A recent study examined data from a previous pilot study on the use of a pregnancy app and its implications on the health of disadvantaged women.
Technology is becoming more and more prominent in our day to day lives. For health uses, mobile applications (apps) are useful for helping individuals seek resources to guide them through their health issues and concerns. The Health-e Babies pregnancy app was developed to help low-income women in the early stages of pregnancy become more confident about their pregnancy. A pilot study of this app was completed, but only 24% of the initial participants stayed in the study until completion. A recent study published in PLOS One analyzed the pilot study’s design and participant information to determine possible reasons for the low participation rate.
The researchers recruited women at least 18 years of age, and 10 to 14 weeks pregnant with Android phones or tablets for this study at their first appointment. They only provided participants with guidance on how to download the app and submit their personal information, and they gave the participants a phone number if any technical issues arose. However, the participants needed to navigate the functions of the app independently. They also completed questionnaires, both at the beginning and end of the study, on personal information such as socioeconomic status, mental health status, maternal attachment and confidence in parenting, and on how they rated their ability to obtain health information.
A total of 124 women started the study. However, many were not able to download the app, did not use the technical support provided, lost their phones, or did not participate in the final questionnaires, resulting in only 30 women completing the study. Most of these women were Caucasian Australian with an average age of 25 and had never given birth before.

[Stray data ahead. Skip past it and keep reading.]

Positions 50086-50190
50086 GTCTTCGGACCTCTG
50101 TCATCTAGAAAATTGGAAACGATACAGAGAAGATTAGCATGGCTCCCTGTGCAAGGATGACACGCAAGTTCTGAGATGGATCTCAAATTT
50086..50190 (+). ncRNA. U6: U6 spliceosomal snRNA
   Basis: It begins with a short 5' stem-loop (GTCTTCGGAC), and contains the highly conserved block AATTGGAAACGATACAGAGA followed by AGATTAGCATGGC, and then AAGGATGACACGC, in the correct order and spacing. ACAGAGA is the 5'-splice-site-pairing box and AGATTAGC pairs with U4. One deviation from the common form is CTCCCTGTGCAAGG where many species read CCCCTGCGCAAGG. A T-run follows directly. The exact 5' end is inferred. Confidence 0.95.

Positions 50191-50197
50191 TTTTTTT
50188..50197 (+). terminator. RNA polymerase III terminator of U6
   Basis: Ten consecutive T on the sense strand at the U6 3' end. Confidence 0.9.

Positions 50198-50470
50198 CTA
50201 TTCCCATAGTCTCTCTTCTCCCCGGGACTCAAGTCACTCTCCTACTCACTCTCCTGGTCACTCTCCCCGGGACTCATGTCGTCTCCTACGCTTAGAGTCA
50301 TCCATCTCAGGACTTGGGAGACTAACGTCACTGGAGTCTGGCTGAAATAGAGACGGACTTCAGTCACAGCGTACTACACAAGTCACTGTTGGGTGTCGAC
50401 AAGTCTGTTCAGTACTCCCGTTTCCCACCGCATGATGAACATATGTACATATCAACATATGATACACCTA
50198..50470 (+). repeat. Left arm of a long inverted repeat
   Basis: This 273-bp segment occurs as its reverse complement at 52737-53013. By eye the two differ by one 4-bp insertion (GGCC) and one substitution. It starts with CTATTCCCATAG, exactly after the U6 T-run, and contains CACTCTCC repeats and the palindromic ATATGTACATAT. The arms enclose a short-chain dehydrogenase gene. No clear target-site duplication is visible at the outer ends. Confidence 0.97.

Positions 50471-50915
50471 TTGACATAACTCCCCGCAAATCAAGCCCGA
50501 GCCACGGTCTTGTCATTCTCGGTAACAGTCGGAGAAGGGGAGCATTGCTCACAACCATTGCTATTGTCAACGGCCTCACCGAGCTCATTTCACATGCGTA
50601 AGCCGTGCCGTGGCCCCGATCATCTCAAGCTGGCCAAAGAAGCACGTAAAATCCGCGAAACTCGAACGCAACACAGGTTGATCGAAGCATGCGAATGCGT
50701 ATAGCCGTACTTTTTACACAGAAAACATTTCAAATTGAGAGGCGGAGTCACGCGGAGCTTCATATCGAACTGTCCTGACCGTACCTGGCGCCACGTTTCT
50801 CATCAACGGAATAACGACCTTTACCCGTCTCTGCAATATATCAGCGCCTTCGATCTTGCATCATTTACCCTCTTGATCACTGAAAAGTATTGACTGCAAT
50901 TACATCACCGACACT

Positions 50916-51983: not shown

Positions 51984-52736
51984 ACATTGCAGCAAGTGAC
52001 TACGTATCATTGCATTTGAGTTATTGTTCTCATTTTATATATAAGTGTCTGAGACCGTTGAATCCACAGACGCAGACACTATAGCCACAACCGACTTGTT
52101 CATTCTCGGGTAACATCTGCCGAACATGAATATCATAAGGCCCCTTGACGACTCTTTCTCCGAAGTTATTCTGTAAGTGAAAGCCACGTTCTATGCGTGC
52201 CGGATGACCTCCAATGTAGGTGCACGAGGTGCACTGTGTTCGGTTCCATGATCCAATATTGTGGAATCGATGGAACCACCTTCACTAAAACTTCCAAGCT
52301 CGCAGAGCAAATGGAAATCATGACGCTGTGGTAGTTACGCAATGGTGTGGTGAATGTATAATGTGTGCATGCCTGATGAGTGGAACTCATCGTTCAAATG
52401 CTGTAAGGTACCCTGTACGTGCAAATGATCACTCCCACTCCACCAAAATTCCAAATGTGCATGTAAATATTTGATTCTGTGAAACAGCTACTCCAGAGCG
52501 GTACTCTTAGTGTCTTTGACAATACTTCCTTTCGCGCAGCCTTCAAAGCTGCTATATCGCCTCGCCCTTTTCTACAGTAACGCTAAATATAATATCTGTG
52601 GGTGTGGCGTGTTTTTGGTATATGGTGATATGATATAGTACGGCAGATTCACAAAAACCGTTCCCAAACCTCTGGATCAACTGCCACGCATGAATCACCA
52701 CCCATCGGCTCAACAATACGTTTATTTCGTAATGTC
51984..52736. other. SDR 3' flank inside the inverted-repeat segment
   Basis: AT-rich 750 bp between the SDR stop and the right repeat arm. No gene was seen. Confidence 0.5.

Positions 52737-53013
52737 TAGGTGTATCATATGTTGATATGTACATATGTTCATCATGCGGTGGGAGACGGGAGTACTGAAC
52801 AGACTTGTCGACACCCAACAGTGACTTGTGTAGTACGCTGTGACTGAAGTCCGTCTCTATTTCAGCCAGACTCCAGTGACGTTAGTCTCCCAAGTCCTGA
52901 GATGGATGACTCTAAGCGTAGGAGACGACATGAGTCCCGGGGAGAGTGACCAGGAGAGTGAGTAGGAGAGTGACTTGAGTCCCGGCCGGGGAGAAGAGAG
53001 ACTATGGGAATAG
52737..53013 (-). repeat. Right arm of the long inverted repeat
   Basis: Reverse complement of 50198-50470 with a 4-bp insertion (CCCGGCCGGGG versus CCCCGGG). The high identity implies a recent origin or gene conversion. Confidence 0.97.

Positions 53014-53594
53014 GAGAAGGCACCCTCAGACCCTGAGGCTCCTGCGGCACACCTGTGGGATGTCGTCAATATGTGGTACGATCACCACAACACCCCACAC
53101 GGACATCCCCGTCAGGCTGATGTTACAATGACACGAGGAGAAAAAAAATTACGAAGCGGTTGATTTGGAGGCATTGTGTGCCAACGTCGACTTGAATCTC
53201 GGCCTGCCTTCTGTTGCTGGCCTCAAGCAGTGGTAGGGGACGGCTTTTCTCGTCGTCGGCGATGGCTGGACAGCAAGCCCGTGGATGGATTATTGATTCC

The results of the study were stratified into two groups, one with the 94 women who did not complete the study and the other with the 30 women who did. Both groups reported similar attachments to their unborn child, confidence in finding pregnancy information, and confidence in parenting. The two groups differed in mental health status, employment, and use of a pregnancy app prior to the study. The group of 94 women were more likely to be unemployed, displayed higher rates of anxiety, and did not use pregnancy apps before the study as often as the group of 30 women.
Some issues with the study were that the app was only available for Androids, there was no Wi-Fi available for women to download the app at the initial stage of the study to ensure that they could all download it, and researchers were not able to see exactly what kind of information each user sought while they used the app. Overall, the study shows that socioeconomic status and mental health may affect a woman’s engagement with a mobile pregnancy app and highlights some challenges disadvantaged individuals face in accessing health information.
Written by Monica Naatey-Ahumah, BSc
Reference: Dalton, J.A., Rodger, D., Wilmore, M., Humphreys, S., Skuse, A., Roberts, C.T., & Clifton, V.L. (2018). The Health-e Babies App for antenatal education: Feasibility for socially disadvantaged women. PLoS ONE, 13(5): e0194337. https://doi.org/10.1371/journal.pone.0194337